You Might Have a 'Pre-Existing Condition' and Not Even Know It

January 27th 2017

Danielle DeCourcey

The Affordable Care Act, commonly known as Obamacare, is on the verge of being repealed by Republicans in Congress, with the support of President Donald Trump, and much of the national discussion concerns what that will mean for millions of people with pre-existing conditions. 

Some might think this conversation only concerns older people, or not even know what a pre-existing condition is. But pre-existing conditions, which insurers are currently required to cover under Obamacare, affect young people too, not just the elderly — and not just people with serious illnesses. 

What is a pre-existing condition? 


A pre-existing condition is a health condition someone has before getting a new insurance policy. Before the ACA, insurance companies in the individual market (rather than group insurance plans from an employer) could use a person's medical history to determine whether they would cover the person at all, or use it to raise the price of coverage.


"They would put them into a 'high risk pool,' which meant they could get insurance, but it would cost them thousands of dollars a month," Trisha Torrey, founder of the industry group The Alliance for Professional Health Advocates, told ATTN:.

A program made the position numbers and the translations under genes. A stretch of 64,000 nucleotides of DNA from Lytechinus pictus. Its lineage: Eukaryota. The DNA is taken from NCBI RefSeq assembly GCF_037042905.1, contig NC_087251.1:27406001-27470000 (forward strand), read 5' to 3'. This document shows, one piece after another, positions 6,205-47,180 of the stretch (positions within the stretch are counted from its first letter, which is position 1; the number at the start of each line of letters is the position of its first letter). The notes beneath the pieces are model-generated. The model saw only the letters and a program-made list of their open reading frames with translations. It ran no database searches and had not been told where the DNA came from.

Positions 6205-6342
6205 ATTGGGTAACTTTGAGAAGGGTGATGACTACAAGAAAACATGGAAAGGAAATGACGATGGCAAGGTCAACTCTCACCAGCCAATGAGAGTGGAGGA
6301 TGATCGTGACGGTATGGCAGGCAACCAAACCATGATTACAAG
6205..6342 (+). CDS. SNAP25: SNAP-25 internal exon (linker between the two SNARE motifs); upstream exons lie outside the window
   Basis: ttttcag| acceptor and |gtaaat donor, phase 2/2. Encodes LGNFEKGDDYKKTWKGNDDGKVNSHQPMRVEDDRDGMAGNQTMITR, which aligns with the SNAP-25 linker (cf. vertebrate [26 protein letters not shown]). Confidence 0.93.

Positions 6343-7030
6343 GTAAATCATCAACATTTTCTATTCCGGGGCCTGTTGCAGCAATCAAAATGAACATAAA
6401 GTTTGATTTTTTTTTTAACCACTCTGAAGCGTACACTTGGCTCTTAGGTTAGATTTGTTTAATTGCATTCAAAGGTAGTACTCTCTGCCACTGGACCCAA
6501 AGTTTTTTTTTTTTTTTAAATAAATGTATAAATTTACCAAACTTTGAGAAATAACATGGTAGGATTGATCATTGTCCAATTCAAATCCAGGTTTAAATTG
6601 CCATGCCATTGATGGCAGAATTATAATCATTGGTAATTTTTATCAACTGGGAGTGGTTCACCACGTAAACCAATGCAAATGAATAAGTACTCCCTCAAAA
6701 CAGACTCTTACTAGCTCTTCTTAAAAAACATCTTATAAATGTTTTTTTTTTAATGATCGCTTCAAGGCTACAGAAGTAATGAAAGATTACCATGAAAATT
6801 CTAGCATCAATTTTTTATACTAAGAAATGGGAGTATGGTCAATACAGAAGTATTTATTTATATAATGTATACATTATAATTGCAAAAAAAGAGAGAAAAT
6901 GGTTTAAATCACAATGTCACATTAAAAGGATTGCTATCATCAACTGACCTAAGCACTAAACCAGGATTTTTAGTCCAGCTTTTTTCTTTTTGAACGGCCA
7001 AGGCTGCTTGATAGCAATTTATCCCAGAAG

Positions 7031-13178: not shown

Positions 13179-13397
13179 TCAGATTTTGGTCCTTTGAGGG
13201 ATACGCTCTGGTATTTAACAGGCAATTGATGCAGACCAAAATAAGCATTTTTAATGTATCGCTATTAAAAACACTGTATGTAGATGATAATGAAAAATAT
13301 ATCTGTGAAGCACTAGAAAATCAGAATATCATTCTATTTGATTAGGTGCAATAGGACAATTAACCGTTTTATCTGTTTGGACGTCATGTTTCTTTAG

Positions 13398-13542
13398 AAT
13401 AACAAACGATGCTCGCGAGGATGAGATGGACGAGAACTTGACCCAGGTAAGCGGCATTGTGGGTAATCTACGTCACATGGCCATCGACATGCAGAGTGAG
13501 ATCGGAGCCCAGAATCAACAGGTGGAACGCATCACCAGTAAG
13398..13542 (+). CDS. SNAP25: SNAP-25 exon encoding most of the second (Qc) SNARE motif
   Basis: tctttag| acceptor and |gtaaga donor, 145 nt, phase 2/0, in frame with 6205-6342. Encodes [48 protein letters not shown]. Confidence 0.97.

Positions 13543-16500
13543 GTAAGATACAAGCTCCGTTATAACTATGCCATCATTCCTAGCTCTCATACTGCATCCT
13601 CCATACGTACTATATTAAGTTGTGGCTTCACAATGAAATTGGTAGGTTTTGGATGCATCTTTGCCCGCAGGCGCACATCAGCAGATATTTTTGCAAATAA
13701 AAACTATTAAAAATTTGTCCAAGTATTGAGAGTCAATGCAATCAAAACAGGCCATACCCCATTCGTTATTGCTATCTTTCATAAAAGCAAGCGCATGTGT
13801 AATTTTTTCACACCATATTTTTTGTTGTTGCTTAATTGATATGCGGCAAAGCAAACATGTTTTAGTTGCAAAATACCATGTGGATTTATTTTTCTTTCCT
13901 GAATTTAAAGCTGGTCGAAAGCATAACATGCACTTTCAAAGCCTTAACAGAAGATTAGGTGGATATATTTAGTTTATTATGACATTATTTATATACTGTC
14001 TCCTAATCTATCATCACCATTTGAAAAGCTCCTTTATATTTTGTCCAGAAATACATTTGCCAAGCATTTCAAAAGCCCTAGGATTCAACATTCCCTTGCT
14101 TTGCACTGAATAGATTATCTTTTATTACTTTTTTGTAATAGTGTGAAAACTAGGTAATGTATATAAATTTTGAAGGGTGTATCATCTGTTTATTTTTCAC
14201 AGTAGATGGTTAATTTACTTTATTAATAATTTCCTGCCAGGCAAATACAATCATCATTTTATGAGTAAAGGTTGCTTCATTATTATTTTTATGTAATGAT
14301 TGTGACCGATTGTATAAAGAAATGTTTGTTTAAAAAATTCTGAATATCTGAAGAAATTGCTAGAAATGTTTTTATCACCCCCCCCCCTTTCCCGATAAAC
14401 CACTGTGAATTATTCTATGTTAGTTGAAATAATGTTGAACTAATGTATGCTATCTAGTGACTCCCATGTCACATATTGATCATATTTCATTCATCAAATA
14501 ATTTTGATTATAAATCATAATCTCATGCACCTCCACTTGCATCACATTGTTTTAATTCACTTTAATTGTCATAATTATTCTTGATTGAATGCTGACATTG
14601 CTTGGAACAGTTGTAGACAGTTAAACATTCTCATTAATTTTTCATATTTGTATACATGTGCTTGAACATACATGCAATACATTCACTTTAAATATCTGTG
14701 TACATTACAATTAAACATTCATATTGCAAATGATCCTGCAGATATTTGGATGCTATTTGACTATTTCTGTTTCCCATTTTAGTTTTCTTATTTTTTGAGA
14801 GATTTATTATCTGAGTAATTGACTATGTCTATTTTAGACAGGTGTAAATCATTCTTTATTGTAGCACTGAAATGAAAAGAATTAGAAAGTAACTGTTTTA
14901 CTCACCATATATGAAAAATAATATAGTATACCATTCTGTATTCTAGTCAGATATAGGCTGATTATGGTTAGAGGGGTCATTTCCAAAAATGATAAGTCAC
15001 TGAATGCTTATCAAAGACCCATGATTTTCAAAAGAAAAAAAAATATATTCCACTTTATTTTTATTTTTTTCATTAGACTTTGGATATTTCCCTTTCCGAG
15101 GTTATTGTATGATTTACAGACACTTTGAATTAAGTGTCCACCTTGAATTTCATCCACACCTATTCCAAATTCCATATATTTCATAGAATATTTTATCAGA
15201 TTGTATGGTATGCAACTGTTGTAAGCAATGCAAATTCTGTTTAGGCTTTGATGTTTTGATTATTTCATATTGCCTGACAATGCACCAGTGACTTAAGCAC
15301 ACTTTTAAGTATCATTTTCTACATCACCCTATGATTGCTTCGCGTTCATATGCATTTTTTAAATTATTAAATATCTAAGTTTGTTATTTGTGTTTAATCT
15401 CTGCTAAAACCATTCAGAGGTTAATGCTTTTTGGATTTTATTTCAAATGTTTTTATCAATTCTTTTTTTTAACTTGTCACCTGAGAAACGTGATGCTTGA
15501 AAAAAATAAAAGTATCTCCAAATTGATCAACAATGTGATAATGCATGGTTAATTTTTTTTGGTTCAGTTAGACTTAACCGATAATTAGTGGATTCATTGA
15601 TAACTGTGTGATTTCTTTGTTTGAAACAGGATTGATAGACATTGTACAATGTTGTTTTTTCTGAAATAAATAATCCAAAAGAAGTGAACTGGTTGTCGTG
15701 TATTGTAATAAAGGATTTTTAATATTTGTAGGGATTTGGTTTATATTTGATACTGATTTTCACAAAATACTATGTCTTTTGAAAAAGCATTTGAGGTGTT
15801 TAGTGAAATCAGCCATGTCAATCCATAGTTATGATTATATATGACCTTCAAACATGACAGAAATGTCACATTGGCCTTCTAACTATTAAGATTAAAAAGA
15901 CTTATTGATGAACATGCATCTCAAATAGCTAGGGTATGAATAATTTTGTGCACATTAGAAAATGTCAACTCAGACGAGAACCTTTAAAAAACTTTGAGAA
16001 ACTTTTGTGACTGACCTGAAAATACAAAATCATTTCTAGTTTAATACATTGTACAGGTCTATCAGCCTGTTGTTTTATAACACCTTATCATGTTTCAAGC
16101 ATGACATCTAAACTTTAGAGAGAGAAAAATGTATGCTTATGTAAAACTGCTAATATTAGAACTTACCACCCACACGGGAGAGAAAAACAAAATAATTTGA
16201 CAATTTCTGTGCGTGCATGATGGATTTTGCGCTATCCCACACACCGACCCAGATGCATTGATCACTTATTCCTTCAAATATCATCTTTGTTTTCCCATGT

The ACA rollout in 2013 put protections in place that stopped that practice. 

The Kaiser Family Foundation estimates that more than a quarter of adults under 65 with pre-existing conditions would be left "uninsurable."

Pre-existing conditions can be chronic common ailments, not just serious illnesses. 

doctor's office

ATTN: reported on Jan. 24 that Minnesota lawmakers have already proposed legislation that, if the ACA is repealed, would allow insurers to deny coverage to people with pre-existing conditions and refuse to provide services like maternity benefits, addiction treatment, and care for mental health issues. 

"We did a study before the ACA went into affect and what we found was only 12 percent of individual plans across the country covered maternity care in the individual market," Gretchen Borchelt, vice president for reproductive rights and health at the National Women’s Law Center, told ATTN: She said that even pregnancy (and Caesarean sections) could be considered pre-existing conditions. 

These type of exclusions are not new. Before the ACA, a wide range of conditions could exclude people from coverage or make their premiums higher depending on state laws. An Illinois Blue Cross Blue Shield rejections list for pre-existing conditions, published in 2012, listed drug abuse, HIV, and bi-polar disorder as conditions that would cause people to "most likely be declined for individual coverage."

Rejections list for individual coverage.

Torrey said she's watching and waiting to see what lawmakers will do.

"They say they will make sure people with pre-existing conditions will be able to get insurance, but no one says how much it will cost," she said. "We don’t know how Trump and the new Congress will change any of it."

RELATED: This State Just Showed What Insurance Without Obamacare Might Look Like